Instructional design is the process of analyzing performance problems, then developing instructional products aimed at resolving the problem through skills development and knowledge transfer (Reiser, 2001a). Strategies to accomplish this goal are known as instructional design models. While there are several popular models, to chose from, I believe most developers have a favored model that the follow. Beginning in the 1960’s, a framework for thinking about instructional design began to germinate (Rieser, 2001b). One of the earliest, and most common models is ADDIE, even though Michael Molenda (2003) reported that he could not find an originating source for ADDIE, and believes it is simply a generic framework for the instructional design process in general. Since then, several other models have evolved. One of these is the backward design model.
The Backward design method was introduced by Grant Wiggins and Jay McTighe (2005) in their book Understanding by Design. This model has been used in the education, manufacturing, and medical fields (Bruce & Doherty, 2011), and is a three-step approach for planning instruction. During the first stage, the goal is to identify the desired outcomes. During the second stage, it is important to determine how you will know the students have achieved the desired results. Then, and only then, during the third stage, do you think about how the content will be delivered and plan instruction. According to Fox & Doherty (2011), the reason to use backward design is to shift the focus from a a specific instructional method to the learning objectives and to increase intentionality. They reason that traditional methods often fall short of solving performance problems because of the their tendency to focus on how the content can be delivered. Backward design overcomes the shortcoming by shifting the focus to the desired result and forcing the developer to be more intentional about the instructional methods used in a backward designed course.
Prior to this assignment, I had not heard of the backward design instructional method. What I like about the model is that it places the focus on what is most important, outcomes. Working in a business environment, I know how important it is to be able to show that training has made an impact toward improving performance and resolving problems. By starting with the objectives and outcomes in mind, I believe it is easier to backwards engineer a viable solution and to gain stakeholder buy-in for innovative ways to deliver training. The development team I work on recently began moving away from using ADDIE toward using SAM due to it SAM’s iterative nature. So these two models are the ones I am most familiar with. I do spend most of my time in the analysis phase trying to understand exactly what the stakeholders want and identify learning objectives, so in many ways I am primed to move toward the backward design approach. I have several training projects in my pipeline for the rest of the fiscal year and I am going to experiment with using the backward design approach on one of them. I am curious to discover how this differs from what I am already doing by heavily focusing on the A in ADDIE.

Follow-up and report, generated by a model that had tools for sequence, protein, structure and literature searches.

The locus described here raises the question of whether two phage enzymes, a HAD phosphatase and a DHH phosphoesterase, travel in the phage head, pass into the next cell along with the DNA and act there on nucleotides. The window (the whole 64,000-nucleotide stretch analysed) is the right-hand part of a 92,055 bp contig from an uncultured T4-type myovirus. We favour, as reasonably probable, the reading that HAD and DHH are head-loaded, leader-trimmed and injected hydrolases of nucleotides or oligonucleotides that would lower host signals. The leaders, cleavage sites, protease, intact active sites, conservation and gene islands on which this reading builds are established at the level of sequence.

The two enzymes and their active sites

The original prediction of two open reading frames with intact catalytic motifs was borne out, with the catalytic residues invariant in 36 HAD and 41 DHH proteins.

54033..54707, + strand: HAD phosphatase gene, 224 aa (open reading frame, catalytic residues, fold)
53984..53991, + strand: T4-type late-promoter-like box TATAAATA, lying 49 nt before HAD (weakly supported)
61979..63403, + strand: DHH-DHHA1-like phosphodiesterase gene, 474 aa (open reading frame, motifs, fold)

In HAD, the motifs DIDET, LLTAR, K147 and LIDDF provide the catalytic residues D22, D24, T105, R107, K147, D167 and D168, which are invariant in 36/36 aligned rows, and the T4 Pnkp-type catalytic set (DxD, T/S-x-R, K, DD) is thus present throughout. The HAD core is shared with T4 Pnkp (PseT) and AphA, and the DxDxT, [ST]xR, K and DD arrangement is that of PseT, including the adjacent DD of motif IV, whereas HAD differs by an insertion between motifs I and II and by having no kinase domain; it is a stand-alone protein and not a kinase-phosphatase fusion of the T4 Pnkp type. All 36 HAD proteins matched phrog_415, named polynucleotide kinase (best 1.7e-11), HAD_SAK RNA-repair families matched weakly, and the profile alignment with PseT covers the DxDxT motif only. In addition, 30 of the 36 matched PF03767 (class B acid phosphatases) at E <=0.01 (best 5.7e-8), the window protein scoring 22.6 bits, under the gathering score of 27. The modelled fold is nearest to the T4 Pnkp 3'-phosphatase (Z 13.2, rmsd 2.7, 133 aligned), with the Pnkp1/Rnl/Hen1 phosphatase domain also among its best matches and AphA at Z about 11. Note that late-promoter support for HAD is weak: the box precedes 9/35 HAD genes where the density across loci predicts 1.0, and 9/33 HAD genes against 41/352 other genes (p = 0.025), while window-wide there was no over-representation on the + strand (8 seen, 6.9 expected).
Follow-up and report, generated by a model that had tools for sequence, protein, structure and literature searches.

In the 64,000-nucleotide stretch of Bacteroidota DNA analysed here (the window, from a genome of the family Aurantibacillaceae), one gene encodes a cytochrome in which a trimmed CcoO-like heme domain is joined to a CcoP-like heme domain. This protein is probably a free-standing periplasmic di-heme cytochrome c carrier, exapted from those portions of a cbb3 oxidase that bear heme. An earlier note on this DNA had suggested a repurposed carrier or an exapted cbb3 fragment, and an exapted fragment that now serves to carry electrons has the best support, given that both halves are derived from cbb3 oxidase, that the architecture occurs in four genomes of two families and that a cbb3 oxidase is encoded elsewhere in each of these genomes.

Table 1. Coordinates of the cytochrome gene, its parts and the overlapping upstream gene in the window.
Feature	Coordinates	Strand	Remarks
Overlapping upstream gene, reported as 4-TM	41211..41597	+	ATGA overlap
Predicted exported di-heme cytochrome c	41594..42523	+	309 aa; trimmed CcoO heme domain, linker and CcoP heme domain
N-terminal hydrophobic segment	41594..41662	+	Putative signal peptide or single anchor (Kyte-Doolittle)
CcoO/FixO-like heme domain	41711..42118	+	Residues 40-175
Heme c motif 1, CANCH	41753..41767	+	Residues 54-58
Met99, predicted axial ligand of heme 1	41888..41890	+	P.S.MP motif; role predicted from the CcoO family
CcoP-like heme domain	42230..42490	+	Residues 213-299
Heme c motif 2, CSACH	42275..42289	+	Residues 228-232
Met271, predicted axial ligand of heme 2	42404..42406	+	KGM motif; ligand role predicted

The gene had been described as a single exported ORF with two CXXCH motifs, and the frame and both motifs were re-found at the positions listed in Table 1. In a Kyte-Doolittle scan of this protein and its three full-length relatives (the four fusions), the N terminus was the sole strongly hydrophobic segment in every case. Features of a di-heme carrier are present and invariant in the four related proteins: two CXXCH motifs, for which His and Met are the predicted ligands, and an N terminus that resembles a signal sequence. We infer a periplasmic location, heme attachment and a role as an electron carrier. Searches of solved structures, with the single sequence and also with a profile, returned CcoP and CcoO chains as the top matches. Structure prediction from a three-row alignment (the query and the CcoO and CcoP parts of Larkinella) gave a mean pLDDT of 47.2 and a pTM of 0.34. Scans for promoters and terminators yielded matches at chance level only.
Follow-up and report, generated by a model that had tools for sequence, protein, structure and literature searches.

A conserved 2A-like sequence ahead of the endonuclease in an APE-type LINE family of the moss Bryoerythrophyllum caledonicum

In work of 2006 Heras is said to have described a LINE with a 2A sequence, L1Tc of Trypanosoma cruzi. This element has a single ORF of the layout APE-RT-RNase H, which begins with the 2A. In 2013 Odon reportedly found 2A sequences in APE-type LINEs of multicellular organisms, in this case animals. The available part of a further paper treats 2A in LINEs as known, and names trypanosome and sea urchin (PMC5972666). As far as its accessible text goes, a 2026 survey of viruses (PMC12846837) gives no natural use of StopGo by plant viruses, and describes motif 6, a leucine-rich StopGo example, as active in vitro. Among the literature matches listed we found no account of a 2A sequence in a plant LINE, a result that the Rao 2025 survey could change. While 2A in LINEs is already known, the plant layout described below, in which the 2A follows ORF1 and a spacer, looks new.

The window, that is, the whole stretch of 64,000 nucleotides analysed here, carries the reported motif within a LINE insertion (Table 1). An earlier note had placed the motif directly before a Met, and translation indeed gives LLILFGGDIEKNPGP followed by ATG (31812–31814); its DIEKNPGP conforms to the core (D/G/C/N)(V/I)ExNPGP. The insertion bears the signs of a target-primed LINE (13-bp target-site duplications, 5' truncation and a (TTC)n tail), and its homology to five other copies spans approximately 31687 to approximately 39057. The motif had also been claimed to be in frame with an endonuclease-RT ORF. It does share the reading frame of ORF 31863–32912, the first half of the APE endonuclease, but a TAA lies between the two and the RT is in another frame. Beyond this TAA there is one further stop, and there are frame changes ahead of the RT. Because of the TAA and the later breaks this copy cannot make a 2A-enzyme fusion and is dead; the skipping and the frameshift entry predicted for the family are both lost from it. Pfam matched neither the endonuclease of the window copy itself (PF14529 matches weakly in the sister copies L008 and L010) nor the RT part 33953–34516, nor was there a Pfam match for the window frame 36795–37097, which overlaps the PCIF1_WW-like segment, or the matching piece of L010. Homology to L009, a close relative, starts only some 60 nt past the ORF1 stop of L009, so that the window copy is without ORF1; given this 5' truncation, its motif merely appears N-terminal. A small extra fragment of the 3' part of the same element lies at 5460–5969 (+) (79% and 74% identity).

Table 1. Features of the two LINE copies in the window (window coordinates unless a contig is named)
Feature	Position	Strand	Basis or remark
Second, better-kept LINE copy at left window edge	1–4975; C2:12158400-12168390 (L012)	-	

Although I plan to experiment with the Backward design approach, my intention is to still apply social constructivism theories to the actual design of the instructional methods and learning activities. The difference between an instructional design method and the learning theory is that the instructional design method provides you with a framework by which to approach the development of the training content, while a learning theory provides you with research-based concepts and methods for developing specific learning activities. In my experience, I have found that the focus of the instructional design method is the course developer and the focus of the learning theory is the learner. It is important to differentiate between the two only in terms of developer understanding. Stakeholders do not need to know, and in most cases that I have been involved with, don’t care about the instructional design method or learning theories. What they care about is what is included in the training, how will it be delivered, and how will the learning be evaluated.
Fox, B. E., & Doherty, J. J. (2011). Design to learn, learn to design: Using backward design for information literacy instruction. Communications in Information Literacy, 5(2), 144-155. Retrieved from https://libproxy.library.unt.edu/login?url=http://search.proquest.com/docview/
Molenda, M. (n.d.). In search of the elusive ADDIE model – molenda_03.pdf. Retrieved April 23, 2016, from http://iptde.boisestate.edu/filedepository.nsf/bf25ab0f47ba5dd785256499006b15a4/693b43c6386707fc872578150059c1f3/$file/molenda_03.pdf
Reiser, R. A. (2001). A history of instructional design and technology: part I: A history of instructional media. Educational Technology Research & Development, 49(1), 53–64. https://doi.org/10.1007/BF02504506
Reiser, R. A. (2001). A history of instructional design and technology: part II: A history of instructional design. Educational Technology Research & Development, 49(2), 57–67. https://doi.org/10.1007/BF02504928